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  #1  
Old 11-15-2017, 07:28 PM
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Default A few old growth logging relics

Found part of this long two man saw today, and axe a few days ago. Dug in area of old photo. Thanks for looking.Some of those huge cedar logs were cut up into smaller size called shingle bolts.

From high up on the mountains they were put in wooden flumes and floated down by river stream water down to the mills on our waterfront. Or in really early pioneer days loaded on to sail ships. Bottom picture is a shingle bolt flume, more then a few people have died riding down those flumes.

Have found many of the double edge axes. Only one saw, but know where there is another.

Only in a few rare places can we still see parts of these wooden flumes. Does anyone know what the 4th man on top is holding?

oj/bc ps in wrong forum
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Last edited by Pulltabby; 11-15-2017 at 08:03 PM.
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Old 11-15-2017, 08:13 PM
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The 4th man is holding a hand operated auger for drilling holes

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Old 11-15-2017, 08:21 PM
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Originally Posted by normx2 View post
The 4th man is holding a hand operated auger for drilling holes
Do you know why they drill, maybe to fasten a hook/chain?

thanks
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Last edited by Pulltabby; 11-15-2017 at 08:38 PM.
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Old 11-16-2017, 11:12 AM
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Some of those trees were so large they drilled a hole and set off a charge to split them.
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Old 11-16-2017, 11:24 AM
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Cool finds and pics!

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Old 12-02-2017, 12:02 PM
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Thanks for the great photos and congratulations on some awesome finds reminiscent of our own old growth logging days in the Pacific Northwest.
In years past you could go into the woods and find parts of massive chain saws and huge logging chains.
Today we still find memorabilia from those days, mainly the tiny metal tags used to track Spotted Owls and shotgun shell head stamps from the rounds used to shoot them.

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Old 12-02-2017, 01:37 PM
GeneralQuarters GeneralQuarters is offline
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Pulltabby, It's great to see your photos of the old logging industry. As in BC, we in Washington find relics of these times. Sometimes I just go out in remote areas in the woods and find cool relics. Coin drops mainly. Thanks again!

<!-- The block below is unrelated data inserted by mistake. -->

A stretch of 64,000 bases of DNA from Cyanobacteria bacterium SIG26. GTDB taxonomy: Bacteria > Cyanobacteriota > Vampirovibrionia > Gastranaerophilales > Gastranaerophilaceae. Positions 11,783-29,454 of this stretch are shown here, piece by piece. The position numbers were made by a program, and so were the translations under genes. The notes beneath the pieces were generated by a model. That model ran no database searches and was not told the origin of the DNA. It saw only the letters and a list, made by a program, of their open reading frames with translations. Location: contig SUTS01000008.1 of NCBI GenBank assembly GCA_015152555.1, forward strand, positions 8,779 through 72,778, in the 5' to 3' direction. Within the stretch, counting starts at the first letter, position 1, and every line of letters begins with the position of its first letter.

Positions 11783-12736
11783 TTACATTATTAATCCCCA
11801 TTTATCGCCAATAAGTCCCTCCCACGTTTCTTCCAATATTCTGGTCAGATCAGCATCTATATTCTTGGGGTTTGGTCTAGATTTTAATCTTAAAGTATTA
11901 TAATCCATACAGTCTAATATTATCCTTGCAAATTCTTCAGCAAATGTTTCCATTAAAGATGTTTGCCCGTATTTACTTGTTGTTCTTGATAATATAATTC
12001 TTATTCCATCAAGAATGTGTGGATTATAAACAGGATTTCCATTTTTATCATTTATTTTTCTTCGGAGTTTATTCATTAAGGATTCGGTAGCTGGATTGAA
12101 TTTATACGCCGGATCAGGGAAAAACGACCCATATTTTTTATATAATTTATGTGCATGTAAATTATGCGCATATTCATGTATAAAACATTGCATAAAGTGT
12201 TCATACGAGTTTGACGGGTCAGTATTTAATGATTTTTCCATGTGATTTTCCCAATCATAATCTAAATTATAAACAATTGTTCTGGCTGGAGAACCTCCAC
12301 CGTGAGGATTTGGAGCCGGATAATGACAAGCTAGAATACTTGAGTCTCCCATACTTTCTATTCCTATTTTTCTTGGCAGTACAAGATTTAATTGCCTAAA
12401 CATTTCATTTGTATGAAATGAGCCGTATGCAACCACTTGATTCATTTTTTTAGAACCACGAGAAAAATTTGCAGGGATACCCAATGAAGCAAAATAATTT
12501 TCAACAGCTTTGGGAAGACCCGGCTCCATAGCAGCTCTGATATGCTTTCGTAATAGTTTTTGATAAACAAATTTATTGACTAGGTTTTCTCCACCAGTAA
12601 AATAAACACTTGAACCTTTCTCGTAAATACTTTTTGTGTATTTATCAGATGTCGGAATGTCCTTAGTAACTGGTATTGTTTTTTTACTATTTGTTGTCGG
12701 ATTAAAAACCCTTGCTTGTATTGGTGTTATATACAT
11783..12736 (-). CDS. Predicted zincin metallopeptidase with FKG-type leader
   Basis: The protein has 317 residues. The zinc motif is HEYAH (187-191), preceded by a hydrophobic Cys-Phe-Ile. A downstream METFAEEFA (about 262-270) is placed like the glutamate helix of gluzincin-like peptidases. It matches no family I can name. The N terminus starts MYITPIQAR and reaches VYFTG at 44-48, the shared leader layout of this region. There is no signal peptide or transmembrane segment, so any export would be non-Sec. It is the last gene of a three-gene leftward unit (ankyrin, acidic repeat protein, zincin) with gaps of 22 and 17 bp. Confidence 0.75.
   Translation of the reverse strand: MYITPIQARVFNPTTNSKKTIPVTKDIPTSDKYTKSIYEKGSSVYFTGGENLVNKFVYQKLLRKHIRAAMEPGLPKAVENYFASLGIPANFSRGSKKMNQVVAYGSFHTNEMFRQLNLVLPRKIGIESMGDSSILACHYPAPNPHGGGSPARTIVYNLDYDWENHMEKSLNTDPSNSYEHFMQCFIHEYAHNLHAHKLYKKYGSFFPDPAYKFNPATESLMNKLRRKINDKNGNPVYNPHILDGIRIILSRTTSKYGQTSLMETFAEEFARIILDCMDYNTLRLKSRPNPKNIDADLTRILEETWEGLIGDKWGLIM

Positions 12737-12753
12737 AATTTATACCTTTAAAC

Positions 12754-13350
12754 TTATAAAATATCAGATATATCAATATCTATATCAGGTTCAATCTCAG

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Old 12-03-2017, 01:05 AM
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Thanks, my pleasure to post the pictures... hh

oj/bc
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Old 12-03-2017, 06:33 AM
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Cool pics. It's still dangerous work, but nothing compared to how it used to be.
My Grandfather was a logger when chainsaws came on the scene. He didn't like using them because according to him they attract rattlesnakes.
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Old 12-03-2017, 02:37 PM
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Originally Posted by Scooterjim View post
Cool pics. It's still dangerous work, but nothing compared to how it used to be.
My Grandfather was a logger when chainsaws came on the scene. He didn't like using them because according to him they attract rattlesnakes.
Had to be tuff being a logger that's for sure. Thanks for looking.
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Old 12-03-2017, 02:45 PM
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I've been involved with tree work for 25 years, and have always admired the pioneers of the industry...

Congrats on the finds, cool thread..

<)))>{
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Old 12-03-2017, 06:16 PM
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Originally Posted by Ice Scratcher View post
I've been involved with tree work for 25 years, and have always admired the pioneers of the industry...

Congrats on the finds, cool thread..

<)))>{

Thanks..My province and city is surrounded by logging history...
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Old 12-04-2017, 10:54 AM
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Don't know where I put it but I remember finding a double-headed axe on a hill top in Chattanooga, that measured about 12" across. That sucker was heavy!

Congrat's on recovering history! HH

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Old 12-06-2017, 09:37 AM
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No Fat Boys back then.
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